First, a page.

Objective: To assess whether a second hysterosalpingography (HSG) can permit tubal patency, reducing the use of selective salpingography in patients with proximal tubal obstruction. Design: Prospective study. Setting: University hospital. Patient(s): The study population consisted of 360 infertile women. Intervention(s): In patients with unilateral or bilateral proximal tubal obstruction, a second HSG was performed after about 1 month. In those cases with persistent obstruction, an immediate selective salpingography and tubal catheterization were performed. Main Outcome Measure(s): Tubal opacification. Result(s): Forty patients underwent a second HSG procedure for proximal tubal occlusion. Among these, 24 achieved bilateral tubal patency. Thus, repetition of a conventional HSG after 1 month avoided unnecessary salpingography in 60% of patients. Conclusion(s): In infertile women with proximal tubal obstruction, we believe it is best to perform a second HSG. HSG is easy to carry out and subjects patients to a lower dosage of radiation and fewer risks than selective salpingography. The latter technique should be reserved for unsuccessful cases. (C)2000 by American Society for Reproductive Medicine.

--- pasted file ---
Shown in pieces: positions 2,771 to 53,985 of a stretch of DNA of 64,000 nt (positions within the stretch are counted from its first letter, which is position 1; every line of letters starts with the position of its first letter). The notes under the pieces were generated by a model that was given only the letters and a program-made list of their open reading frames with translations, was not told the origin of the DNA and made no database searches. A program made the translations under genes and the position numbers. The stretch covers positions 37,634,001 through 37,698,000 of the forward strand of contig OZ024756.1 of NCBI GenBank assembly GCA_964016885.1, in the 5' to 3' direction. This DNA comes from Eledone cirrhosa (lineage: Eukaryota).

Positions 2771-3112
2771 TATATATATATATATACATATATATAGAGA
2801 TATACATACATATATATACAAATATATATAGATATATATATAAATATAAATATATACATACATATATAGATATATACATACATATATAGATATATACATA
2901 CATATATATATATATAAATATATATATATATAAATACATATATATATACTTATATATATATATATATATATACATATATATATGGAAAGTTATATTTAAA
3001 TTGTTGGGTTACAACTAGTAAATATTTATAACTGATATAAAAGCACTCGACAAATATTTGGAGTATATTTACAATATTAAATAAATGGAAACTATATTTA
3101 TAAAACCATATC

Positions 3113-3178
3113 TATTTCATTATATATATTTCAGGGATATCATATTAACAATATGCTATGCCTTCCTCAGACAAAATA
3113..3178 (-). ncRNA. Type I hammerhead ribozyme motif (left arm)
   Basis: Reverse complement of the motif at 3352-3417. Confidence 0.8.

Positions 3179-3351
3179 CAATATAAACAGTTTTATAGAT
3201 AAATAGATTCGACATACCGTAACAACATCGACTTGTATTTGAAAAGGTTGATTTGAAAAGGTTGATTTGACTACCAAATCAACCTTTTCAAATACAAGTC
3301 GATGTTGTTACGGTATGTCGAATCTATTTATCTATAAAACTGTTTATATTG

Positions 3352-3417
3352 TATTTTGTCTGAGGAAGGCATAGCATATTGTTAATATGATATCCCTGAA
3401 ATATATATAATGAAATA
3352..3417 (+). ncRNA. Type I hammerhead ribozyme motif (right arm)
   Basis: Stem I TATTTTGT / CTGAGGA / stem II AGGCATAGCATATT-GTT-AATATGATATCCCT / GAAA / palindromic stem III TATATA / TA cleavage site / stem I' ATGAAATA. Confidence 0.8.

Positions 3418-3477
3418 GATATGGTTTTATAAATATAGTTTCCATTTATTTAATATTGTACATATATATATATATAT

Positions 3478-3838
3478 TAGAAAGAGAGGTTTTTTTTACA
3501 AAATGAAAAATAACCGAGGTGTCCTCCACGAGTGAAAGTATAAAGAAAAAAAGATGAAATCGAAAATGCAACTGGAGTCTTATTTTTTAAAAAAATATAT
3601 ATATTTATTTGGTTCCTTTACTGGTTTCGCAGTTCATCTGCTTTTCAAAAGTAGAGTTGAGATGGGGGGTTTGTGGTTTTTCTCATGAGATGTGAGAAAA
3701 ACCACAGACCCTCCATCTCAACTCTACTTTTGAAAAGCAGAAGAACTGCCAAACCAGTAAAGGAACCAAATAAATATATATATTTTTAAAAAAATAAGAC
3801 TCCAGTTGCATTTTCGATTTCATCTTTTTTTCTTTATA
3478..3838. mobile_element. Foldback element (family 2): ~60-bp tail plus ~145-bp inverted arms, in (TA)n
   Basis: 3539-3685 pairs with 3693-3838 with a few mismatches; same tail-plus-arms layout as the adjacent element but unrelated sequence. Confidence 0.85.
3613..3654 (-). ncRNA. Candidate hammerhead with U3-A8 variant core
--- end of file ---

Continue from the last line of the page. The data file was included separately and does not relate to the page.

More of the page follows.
Dessole, S., Meloni, G. B., Capobianco, G., Manzoni, M. A., Ambrosini, G., & Canalis, G. C. (2000). A second hysterosalpingography reduces the use of selective technique for treatment of a proximal tubal obstruction. Fertility and Sterility, 73(5), 1037–1039. https://doi.org/10.1016/S0015-0282(00)00415-5